Putting heart into every aspect of music isn’t easy. Touring musicians spend day after day in a van, living off fast food and cheap beer, practicing, and giving every show every single night every ounce of blood, sweat and tears they can muster. And that is how American Aquarium took off.

They have released seven records since 2006, and have been driving cross country, notoriously playing over 250 shows a year. After struggling a few years together on the road, the boys planned for their 2013 Last Chance Records realease, “Burn. Flicker. Die.,” to be the last they’d create together. Serendiptiously, they finally got the recognition they deserved. “Burn. Flicker. Die.” was nominated for Best Americana/Roots Album in 2013.

“Ever since very early on, the mentality of the band has been to hit the road as hard as we can and just watch it grow,” Barham says. “But everyone can’t handle that kind of stress all the time, so we have really come close to calling it quits and trying to figure out something else.”

With the massive variety of music being released into the modern world, it isn’t easy to define exactly what genre a band falls into. There is a difference in punk rock and grunge rock, and bluegrass and folk, and there is also a big difference in the underground battle between real classic country, and the music dripping from the CMT channel on TV. American Aquarium throw aside Taylor Swift and Blake Shelton, and push away all of the dirt-road, beer-drinking anthems to bring back authentic stories and ballads.

“We consider ourselves part of this new country movement,” Barham states with pride. “It is definitely about going back to the basics: live performances and writing songs that actually mean something. [It’s not this] processed garbage coming out of Nashville. Country music right now is in a really sad state, but that being said, I think there is a legion of country music fans out there still looking for the music they grew up on. For all the kids that grew up on the legends, it is a breath of fresh air to hear bands like Drive By Truckers and Jason Isbell—musicians that really take pride in writing songs with a meaning.”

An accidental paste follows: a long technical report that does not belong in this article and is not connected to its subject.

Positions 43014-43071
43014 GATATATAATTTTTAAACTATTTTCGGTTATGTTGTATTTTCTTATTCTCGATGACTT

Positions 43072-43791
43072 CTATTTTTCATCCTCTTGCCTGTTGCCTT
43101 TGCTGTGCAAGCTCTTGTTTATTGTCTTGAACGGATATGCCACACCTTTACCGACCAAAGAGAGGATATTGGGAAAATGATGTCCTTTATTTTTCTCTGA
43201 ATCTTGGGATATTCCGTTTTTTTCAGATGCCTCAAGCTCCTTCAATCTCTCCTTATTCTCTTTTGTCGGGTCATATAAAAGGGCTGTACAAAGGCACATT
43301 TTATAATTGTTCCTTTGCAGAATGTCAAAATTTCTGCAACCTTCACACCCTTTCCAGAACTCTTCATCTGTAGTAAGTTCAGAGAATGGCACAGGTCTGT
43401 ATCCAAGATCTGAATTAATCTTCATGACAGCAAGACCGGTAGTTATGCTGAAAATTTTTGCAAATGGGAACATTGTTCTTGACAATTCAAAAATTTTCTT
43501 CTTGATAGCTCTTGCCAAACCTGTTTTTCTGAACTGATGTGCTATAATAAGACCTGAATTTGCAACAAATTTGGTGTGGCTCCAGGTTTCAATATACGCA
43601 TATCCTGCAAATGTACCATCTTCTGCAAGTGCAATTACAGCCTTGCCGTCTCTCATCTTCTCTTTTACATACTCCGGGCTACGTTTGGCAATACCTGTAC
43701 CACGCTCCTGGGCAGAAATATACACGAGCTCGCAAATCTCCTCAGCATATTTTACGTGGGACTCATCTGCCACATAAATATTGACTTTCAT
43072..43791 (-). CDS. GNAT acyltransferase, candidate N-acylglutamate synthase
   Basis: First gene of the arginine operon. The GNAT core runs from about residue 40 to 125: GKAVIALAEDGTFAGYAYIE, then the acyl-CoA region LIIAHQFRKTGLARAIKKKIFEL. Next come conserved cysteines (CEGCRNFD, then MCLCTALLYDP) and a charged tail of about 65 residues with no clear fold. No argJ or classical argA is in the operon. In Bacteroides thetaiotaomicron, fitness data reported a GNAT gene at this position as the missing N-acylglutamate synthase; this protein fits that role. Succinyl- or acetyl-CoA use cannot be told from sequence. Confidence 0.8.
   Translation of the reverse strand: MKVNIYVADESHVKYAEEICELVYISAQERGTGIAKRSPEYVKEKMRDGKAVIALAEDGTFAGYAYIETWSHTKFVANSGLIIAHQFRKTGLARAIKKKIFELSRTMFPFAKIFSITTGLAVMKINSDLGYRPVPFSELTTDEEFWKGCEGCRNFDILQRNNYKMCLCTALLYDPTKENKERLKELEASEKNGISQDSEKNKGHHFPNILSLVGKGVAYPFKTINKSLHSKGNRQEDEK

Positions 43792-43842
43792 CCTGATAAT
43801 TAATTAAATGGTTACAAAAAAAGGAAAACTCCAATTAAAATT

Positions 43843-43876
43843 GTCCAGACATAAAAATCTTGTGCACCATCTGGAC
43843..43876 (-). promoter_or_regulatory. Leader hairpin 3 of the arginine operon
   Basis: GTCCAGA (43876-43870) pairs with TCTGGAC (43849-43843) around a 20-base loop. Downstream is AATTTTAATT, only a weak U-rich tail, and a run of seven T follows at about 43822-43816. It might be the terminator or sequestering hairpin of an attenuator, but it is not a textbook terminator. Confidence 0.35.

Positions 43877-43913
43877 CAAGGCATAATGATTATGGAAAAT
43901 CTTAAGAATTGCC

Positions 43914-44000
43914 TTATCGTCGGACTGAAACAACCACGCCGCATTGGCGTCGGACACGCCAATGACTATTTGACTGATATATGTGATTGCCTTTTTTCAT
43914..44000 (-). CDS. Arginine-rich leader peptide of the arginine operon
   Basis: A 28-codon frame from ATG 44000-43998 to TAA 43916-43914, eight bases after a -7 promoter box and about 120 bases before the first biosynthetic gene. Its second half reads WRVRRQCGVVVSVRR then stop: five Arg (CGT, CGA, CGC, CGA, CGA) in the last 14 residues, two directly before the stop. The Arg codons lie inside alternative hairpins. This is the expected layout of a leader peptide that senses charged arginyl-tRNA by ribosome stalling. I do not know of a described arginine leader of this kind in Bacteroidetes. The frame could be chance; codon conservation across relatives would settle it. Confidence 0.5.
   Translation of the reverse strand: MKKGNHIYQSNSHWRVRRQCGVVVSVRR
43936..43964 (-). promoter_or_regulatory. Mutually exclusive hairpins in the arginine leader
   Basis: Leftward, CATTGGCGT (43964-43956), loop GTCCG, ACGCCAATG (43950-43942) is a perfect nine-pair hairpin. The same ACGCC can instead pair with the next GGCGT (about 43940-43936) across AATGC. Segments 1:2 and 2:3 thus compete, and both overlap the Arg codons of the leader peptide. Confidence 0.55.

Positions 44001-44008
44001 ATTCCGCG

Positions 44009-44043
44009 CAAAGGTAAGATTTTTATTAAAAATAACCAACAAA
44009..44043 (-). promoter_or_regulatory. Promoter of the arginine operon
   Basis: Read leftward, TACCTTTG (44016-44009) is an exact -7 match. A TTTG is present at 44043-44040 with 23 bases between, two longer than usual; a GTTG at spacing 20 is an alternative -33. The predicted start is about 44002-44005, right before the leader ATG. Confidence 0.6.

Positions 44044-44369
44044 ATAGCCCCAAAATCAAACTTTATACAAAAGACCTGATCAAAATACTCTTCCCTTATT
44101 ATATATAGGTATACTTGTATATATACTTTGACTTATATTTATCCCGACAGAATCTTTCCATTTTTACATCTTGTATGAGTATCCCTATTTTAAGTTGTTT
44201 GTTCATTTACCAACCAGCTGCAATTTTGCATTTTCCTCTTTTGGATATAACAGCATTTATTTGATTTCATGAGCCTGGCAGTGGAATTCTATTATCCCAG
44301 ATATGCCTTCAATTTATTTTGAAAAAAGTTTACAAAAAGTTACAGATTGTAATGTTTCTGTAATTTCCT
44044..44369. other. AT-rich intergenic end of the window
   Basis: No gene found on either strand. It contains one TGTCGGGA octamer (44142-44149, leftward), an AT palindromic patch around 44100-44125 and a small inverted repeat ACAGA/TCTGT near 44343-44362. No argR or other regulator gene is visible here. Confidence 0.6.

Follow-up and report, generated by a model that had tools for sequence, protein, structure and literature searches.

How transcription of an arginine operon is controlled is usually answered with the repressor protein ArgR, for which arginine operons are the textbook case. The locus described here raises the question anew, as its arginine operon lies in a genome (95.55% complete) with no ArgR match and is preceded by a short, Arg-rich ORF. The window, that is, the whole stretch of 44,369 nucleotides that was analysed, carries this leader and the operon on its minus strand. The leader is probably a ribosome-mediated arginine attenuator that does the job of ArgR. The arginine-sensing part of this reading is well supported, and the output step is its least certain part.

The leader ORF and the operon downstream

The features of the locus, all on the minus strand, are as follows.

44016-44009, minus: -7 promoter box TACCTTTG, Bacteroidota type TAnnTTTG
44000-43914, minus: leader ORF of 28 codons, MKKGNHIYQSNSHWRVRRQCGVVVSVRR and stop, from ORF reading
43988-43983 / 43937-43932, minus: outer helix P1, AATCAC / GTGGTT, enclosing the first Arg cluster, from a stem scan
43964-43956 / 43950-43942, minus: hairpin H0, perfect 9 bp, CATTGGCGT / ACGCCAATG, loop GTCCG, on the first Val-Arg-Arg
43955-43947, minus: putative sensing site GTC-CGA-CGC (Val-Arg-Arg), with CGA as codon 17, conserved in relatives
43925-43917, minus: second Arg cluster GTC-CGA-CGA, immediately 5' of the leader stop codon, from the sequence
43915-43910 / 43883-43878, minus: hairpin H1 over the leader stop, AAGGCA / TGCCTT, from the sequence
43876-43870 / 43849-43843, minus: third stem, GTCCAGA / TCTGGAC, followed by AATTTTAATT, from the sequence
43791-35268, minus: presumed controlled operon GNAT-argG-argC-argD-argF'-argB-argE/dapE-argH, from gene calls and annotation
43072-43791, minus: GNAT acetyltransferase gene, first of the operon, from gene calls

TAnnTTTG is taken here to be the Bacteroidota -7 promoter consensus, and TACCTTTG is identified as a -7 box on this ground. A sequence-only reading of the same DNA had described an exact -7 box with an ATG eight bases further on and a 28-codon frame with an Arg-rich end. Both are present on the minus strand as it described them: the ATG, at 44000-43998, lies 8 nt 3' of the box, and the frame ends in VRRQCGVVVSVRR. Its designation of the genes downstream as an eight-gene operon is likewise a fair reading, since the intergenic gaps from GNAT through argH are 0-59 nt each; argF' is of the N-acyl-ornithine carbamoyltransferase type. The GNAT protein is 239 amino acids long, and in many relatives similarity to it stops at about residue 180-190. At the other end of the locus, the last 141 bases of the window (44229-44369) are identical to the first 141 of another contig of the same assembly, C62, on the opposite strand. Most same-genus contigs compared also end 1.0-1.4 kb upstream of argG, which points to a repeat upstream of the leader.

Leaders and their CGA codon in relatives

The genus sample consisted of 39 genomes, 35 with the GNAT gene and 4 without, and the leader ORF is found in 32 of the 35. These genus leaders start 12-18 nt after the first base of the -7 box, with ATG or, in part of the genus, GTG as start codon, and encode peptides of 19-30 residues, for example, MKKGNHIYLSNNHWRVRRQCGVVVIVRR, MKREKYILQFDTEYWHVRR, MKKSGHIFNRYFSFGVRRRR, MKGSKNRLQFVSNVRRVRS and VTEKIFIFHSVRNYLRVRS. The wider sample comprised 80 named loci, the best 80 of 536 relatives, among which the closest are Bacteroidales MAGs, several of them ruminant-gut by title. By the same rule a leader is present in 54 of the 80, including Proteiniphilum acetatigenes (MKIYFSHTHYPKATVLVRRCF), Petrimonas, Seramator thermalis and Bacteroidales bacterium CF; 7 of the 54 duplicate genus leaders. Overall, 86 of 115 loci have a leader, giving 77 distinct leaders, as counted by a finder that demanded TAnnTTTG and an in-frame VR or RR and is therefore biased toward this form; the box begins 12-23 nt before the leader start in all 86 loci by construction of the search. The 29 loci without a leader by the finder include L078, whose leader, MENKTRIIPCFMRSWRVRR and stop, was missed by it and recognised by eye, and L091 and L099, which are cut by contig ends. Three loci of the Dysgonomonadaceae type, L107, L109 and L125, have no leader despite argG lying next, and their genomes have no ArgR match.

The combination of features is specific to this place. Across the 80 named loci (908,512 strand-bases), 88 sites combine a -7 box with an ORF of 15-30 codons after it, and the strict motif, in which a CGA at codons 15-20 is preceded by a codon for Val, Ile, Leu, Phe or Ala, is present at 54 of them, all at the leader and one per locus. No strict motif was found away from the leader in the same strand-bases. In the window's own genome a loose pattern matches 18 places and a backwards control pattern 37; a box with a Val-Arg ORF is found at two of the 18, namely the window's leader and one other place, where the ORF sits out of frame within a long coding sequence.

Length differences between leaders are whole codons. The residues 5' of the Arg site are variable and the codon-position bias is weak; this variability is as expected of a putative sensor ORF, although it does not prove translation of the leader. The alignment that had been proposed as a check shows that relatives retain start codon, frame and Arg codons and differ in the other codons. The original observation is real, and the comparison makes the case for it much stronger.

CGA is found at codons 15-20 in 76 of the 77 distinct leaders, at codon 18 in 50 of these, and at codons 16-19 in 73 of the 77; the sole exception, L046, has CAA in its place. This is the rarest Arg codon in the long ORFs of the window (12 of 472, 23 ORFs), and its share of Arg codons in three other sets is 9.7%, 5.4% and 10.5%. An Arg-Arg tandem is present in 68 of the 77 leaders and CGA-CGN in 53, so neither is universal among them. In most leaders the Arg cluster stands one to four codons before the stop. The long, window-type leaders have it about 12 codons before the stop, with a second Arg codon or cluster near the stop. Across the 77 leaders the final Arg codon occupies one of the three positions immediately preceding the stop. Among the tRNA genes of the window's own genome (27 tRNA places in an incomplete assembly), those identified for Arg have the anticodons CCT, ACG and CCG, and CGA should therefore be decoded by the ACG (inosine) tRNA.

American Aquarium is among the realm of warriors fighting to bring back classic country music, despite its daunting task.  “I don’t have the jaw line it takes to be a country music singer in Nashville these days,” Barham says with a laugh. “None of us are pretty enough to be on the front of a magazine, but we take what we do very seriously. We take the art of songwriting very serious, and like I said, I have a fucking crack band behind me that makes these songs the best they can possibly be. We make gritty, real, honest, American music. It doesn’t have that polish that Nashville has nowadays. It is raw.”


BJ Barham

Thursday, July 31st • $10-$12
Bourgie Nights • 127 Princess St.

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Encore Magazine regularly covers topics pertaining to news, arts, entertainment, food, and city life in Wilmington. It also maintains schedules and listings of local events like concerts, festivals, live performance art and think-tank events. Encore Magazine is an entity of H&P Media, which also powers Wilmington’s local ticketing platform, Print and online editions are updated every Wednesday.